• A draft scoping document for the assessment of treatments for Duchenne muscular dystrophy
  • On January 28, the Congressional Budget Office will release its annual “Budget and Economic Outlook” report, providing updated economic and budget projections from 2019 to 2029.
  • Walgreens Boots Alliance and Microsoft are establishing a strategic partnership, committing to a 7-year agreement to fund research and development efforts to improve healthcare and lower costs by building healthcare solutions to transform healthcare delivery.
  • The Georgetown University Health Policy Institute put out a report on how to address Medicaid prescription drug costs.


Navigating Medicare Part D: Approaches to Addressing Beneficiary Affordability and Access Challenges


Xcenda reimbursement and health policy experts collaborated with MAPRx on a new report on Medicare Part D. The program is as popular and robust as ever but poses significant challenges that result in increased out-of-pocket costs and limited access for millions of beneficiaries.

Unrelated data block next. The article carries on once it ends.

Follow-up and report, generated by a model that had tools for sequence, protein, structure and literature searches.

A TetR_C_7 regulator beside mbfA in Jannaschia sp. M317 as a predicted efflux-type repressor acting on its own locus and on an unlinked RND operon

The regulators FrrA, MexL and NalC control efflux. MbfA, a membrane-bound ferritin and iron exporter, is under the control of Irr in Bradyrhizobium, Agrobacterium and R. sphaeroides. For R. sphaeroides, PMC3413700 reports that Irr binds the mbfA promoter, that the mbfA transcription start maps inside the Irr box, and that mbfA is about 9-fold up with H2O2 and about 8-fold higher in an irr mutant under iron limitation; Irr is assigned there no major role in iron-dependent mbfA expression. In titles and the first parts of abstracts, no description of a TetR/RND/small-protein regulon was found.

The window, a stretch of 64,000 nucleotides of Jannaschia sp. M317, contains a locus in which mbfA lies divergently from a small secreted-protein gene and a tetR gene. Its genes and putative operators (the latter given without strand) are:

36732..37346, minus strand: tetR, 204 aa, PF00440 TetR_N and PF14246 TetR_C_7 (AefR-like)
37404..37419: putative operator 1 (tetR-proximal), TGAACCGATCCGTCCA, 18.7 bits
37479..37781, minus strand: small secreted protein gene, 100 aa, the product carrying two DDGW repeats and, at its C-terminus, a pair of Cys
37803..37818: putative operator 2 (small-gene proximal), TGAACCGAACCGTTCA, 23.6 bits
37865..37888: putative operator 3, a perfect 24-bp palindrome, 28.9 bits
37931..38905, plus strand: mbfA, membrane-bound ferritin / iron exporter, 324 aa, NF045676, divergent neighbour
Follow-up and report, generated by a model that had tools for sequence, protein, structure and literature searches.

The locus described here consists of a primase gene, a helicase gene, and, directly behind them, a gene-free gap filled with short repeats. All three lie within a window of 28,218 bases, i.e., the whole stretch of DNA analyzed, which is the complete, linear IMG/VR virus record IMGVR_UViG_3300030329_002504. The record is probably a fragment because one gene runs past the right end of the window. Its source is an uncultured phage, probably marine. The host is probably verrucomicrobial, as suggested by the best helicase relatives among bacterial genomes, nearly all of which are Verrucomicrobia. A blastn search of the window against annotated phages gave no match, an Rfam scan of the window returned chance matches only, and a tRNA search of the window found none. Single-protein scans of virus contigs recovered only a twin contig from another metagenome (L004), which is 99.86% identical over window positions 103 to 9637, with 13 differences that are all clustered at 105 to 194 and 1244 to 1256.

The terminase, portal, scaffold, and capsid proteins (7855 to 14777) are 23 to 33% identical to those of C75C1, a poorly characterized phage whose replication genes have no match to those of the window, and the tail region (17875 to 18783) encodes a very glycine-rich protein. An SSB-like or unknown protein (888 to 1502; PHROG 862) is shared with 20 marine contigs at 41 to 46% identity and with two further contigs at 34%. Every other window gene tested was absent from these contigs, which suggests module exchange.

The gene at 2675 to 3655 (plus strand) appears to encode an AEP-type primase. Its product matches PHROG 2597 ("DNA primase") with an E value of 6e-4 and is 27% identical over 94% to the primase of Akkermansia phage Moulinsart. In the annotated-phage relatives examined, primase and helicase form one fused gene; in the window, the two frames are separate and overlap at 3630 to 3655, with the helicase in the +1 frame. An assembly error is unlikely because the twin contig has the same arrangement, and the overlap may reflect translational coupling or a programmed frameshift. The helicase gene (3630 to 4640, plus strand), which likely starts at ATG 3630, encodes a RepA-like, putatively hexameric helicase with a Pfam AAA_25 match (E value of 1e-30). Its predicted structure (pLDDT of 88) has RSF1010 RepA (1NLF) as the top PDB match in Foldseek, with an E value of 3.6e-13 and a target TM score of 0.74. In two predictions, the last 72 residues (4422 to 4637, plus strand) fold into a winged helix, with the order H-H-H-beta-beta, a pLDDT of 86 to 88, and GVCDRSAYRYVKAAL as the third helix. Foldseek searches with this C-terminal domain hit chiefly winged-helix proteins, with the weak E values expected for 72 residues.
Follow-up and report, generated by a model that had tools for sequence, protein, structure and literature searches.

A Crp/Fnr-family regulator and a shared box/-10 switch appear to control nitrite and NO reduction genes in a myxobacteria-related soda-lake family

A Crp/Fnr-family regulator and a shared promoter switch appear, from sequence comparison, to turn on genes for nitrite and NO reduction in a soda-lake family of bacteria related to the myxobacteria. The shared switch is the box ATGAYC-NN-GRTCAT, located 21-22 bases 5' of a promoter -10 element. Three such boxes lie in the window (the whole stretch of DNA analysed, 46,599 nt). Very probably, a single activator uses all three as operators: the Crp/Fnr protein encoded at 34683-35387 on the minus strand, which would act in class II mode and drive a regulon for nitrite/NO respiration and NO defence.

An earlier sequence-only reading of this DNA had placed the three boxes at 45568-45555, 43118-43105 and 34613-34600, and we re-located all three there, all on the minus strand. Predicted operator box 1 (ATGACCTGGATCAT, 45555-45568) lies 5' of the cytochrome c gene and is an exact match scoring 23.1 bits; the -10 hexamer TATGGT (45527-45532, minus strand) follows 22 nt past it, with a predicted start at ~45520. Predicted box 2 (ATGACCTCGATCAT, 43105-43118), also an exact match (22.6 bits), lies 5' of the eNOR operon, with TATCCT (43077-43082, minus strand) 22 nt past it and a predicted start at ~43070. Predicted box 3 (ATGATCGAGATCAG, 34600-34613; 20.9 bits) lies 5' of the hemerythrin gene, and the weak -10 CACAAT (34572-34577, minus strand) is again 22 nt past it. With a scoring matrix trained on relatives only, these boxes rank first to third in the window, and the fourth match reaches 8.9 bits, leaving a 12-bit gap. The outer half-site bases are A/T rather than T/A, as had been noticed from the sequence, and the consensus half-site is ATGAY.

MAPRx is calling on Congress and the Administration to address the challenges facing Part D by enacting solutions proposed in this paper.

Download report >




“International Pricing, also known as International Reference Pricing (IRP) or External Reference Pricing (ERP), is not a suitable price control mechanism for ensuring an appropriate and competitive price environment for biosimilar medicines. Biosimilar medicines operate in a highly competitive market environment. Medicines for Europe Biosimilar Medicines Group considers that policies other than ERP are more appropriate to stimulate competition in the off-patent market.”